Black-backed Woodpecker: Small woodpecker with black back, black wings with white spots on flight feathers, barred flanks, white underparts. Head has a conspicuous white cheek mark and yellow crown. Tail is black with white outer tail feathers. Black bill is long and stout. Legs and feet are gray.
Range and Habitat
Black-backed Woodpecker: Resident in Alaska, Canada, and northern U.S. Preferred habitats include coniferous forests in the boreal zone, especially where burned, logged, or swampy.
The Black-backed Woodpecker is a medium-sized bird located in the forests of North America. This species has three-toed feet, and breeds in the forests of Canada, Alaska and the northwestern United States. This is the only three-toed species of woodpecker other than the American and Eurasian three-toed woodpeckers. The Black-backed Woodpecker frequently feeds mainly on beetles found in burnt trees, and reaches them via pecking the tree or gleaning branches. This is why they are referred to as “burnt-forest specialists.” They usually do not migrate, and carve a new nest each year. The population of the Black-backed Woodpecker is such that its conservation status is rated as Least Concern.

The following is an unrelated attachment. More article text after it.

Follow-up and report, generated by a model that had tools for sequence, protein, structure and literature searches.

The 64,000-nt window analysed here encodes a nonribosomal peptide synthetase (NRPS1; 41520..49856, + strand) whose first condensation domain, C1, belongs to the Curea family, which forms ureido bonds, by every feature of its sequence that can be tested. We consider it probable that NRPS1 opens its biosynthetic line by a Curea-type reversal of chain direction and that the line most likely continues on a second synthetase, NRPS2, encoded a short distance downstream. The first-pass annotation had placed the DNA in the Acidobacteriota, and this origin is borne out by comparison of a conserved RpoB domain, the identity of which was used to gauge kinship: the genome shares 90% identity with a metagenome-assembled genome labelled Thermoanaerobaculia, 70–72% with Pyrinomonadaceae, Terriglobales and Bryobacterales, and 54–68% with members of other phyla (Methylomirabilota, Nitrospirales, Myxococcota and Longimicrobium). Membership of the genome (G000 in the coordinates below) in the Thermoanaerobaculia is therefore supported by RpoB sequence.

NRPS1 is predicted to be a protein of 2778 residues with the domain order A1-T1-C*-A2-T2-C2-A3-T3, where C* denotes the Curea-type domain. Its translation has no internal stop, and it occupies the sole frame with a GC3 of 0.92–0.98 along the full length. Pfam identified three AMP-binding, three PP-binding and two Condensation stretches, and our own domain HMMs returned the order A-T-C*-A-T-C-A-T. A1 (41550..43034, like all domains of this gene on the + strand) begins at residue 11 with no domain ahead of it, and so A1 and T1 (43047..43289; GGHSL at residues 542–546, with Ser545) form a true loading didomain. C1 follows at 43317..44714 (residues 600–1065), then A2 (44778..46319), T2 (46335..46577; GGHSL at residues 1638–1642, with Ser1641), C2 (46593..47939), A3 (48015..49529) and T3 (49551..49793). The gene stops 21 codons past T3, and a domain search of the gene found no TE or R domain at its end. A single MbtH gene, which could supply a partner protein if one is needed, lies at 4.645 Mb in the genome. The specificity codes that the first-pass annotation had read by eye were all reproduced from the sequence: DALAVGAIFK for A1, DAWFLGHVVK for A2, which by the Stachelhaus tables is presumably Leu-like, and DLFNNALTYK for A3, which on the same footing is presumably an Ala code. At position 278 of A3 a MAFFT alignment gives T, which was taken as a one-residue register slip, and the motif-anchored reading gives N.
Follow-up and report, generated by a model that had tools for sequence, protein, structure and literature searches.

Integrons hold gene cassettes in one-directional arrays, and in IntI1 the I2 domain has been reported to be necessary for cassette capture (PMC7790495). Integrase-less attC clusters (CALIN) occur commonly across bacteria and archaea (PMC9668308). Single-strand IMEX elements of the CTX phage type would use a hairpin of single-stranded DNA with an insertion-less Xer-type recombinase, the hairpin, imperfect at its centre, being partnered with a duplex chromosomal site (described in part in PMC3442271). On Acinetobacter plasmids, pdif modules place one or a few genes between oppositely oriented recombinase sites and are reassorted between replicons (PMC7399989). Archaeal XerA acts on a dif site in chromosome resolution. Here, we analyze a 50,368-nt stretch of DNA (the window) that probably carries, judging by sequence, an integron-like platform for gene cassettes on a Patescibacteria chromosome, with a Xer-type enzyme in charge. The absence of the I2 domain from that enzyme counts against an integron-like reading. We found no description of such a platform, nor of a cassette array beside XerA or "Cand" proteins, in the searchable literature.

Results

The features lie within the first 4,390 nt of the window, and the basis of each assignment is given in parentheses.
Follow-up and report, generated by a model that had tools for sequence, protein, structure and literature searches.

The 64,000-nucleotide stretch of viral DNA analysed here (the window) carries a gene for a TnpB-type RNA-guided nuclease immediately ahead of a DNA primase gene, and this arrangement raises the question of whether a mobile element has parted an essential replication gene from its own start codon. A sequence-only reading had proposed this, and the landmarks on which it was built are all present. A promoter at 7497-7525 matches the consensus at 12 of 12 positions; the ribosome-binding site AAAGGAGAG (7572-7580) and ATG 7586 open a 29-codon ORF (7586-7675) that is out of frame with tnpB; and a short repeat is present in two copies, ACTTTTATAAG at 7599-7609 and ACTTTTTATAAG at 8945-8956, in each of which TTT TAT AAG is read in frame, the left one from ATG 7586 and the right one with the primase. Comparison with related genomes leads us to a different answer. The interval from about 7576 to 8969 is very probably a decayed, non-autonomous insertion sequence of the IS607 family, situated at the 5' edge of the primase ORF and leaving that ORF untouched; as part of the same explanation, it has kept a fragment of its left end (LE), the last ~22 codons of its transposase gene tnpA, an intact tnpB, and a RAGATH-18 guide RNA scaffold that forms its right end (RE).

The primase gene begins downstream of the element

Females forage higher on trees than males. Females also feed young more often than males, but carry less food in each visit.
The activity of these birds in burned areas is evidenced by the presence of black tree trunks with orange spots. While flaking off the charred bark in search of insects, they expose the orange cambium underneath.
The Black-backed Woodpecker has three toes, and is also known as the Arctic Three-toed Woodpecker.
A group of woodpeckers has many collective nouns, including a "descent", "drumming", and "gatling" of woodpeckers.